Mere seconds before the Earth is to be demolished by an alien construction crew, journeyman Arthur Dent is swept off the planet by his friend Ford Prefect, a researcher penning a new edition of "The Hitchhiker's Guide to the Galaxy."
Private Joe Bauers, the definition of "average American", is selected by the Pentagon to be the guinea pig for a top-secret hibernation program. Forgotten, he awakes five centuries in the future. He discovers a society so incredibly dumbed down that he's easily the most intelligent person alive.
The Borg go back in time intent on preventing Earth's first contact with an alien species. Captain Picard and his crew pursue them to ensure that Zefram Cochrane makes his maiden flight reaching warp speed.
The sci-fi television series "Galaxy Quest", which took place aboard the intergalactic spaceship NSEA Protector, starred Jason Nesmith as suave Commander Peter Quincy Taggert, Gwen DeMarco as sexy communications person Lt. Tawny Madison (a role which consisted solely of repeating what the computer stated, much to Gwen's annoyance), Shakespearean trained Sir Alexander Dane as alien Dr. Lazarus, Fred Kwan as engineer Tech Sgt. Chen, and Tommy Webber as child gunner Laredo. Eighteen years after the series last aired, it lives on in the hearts of its rabid fans. However, it lives on in infamy for its stars, who have not been able to find meaningful acting work since. Their current lives revolve around cashing in on however those roles will afford, which usually entails attending fan conventions or worse, such as shopping mall openings. Only Jason seems to relish his lot in life, until he finds out that his co-stars detest him because of his superior attitude as "the Commander", and much ... Written by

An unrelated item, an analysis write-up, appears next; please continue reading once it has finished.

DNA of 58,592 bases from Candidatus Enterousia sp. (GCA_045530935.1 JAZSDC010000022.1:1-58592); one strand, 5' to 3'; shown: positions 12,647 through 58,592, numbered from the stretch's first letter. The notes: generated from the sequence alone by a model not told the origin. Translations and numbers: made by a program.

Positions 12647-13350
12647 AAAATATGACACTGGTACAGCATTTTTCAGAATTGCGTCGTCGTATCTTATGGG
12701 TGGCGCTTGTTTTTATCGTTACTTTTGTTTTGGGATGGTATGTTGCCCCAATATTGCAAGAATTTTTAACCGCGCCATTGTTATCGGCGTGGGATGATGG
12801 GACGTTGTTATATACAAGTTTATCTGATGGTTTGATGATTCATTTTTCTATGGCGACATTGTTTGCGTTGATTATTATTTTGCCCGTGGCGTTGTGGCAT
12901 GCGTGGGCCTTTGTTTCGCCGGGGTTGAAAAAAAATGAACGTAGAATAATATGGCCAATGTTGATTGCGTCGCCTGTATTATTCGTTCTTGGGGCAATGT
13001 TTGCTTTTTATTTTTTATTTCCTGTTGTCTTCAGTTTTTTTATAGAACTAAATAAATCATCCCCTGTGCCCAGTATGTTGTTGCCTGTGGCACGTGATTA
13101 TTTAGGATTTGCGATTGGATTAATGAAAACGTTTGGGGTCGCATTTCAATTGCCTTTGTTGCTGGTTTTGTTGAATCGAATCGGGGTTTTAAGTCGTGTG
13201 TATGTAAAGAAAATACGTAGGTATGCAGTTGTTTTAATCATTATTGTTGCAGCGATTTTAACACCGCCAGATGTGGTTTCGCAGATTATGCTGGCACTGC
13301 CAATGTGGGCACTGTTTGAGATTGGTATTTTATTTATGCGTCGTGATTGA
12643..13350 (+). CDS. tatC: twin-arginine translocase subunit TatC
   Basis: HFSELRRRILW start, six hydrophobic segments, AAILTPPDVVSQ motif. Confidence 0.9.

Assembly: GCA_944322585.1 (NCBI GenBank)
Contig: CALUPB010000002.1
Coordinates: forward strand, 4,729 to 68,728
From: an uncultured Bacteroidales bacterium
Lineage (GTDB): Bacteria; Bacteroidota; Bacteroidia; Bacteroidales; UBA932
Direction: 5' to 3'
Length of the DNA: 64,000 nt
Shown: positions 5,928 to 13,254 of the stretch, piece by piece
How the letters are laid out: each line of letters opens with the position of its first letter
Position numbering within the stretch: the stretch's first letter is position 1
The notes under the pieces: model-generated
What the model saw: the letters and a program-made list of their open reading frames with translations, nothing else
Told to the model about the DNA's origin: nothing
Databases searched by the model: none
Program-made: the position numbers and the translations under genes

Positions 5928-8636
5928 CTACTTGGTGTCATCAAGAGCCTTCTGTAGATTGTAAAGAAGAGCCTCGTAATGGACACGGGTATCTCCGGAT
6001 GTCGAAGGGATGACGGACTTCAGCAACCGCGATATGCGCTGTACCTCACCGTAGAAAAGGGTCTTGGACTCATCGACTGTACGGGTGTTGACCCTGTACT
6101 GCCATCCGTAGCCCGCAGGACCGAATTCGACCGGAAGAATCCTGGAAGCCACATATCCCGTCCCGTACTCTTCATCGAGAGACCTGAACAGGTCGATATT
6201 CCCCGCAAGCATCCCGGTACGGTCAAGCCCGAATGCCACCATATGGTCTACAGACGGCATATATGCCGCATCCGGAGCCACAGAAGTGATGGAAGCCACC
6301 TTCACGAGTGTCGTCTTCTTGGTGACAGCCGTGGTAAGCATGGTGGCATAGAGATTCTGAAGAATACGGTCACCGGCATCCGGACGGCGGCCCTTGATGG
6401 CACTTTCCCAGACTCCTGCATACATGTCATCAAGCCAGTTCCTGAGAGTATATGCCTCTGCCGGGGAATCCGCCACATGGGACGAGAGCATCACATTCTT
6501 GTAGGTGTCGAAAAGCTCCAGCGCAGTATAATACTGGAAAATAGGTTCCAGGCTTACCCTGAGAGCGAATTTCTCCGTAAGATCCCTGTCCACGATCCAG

This film was one of the earliest to have its own internet domain and web-site, GalaxyQuest.com (now available only via Wayback archive). However, rather than being a polished part of the film's marketing campaign, the site (in keeping with the film's fandom theme) was deliberately designed to look like a fan page, with screen captures and poor H.T.M.L. coding. See more »
Commander Nesmith admits in the mess hall that while the crew found the Omega 13 in the original show, they had no idea what it did when activated. Unless specifics of the Omega 13 were discussed in the original show, it is highly unlikely that the Thermians would have been able to replicate it on the Protector II since it was such a foreign, mysterious object. See more »
A set of hammy TV actors turn up for a sci-fi convention only to be met by real aliens who, having only seen them on TV, mistake them for a real space crew.
Given that Star Trek and Star Trek fans are such campy jokes to start with you don't have to have such the imagination of Charles Dickens to see there is potential here.
The real surprise is that we don't get cheapo jokes, but fully formed, fully funded jokes. Indeed there is more plot and budget than many films that try play it straight.
The crew being actors think there may be a buck involved and go along with what, they initially think, are over-the-top fans and before they know it they are in space having a fully formed adventure.
Jokes about spacemen, mad Trekkies, transporters with side-effects, token blacks, interracial love, British thesps who detest what they do, aliens who don't have a sense of humour, characters who think they are going to be killed because they don't have a second name, and lots, lots more.
Once again I stress that this subject was a sitting duck for satire, but what is amazing is how clever the script is, worse will win Oscars. And the jokes just keep coming. Not all of them funny, but the ratios of hits to misses is pleasingly high and the cast are good enough to make themselves look like idiots as well.
The climax is both and funny and appropriate and had me laughing over the final credits. Highly recommended unless you are the butt of some of the film's bang-on-the-money jokes.
112 of 122 people found this review helpful.
Was this review helpful to you?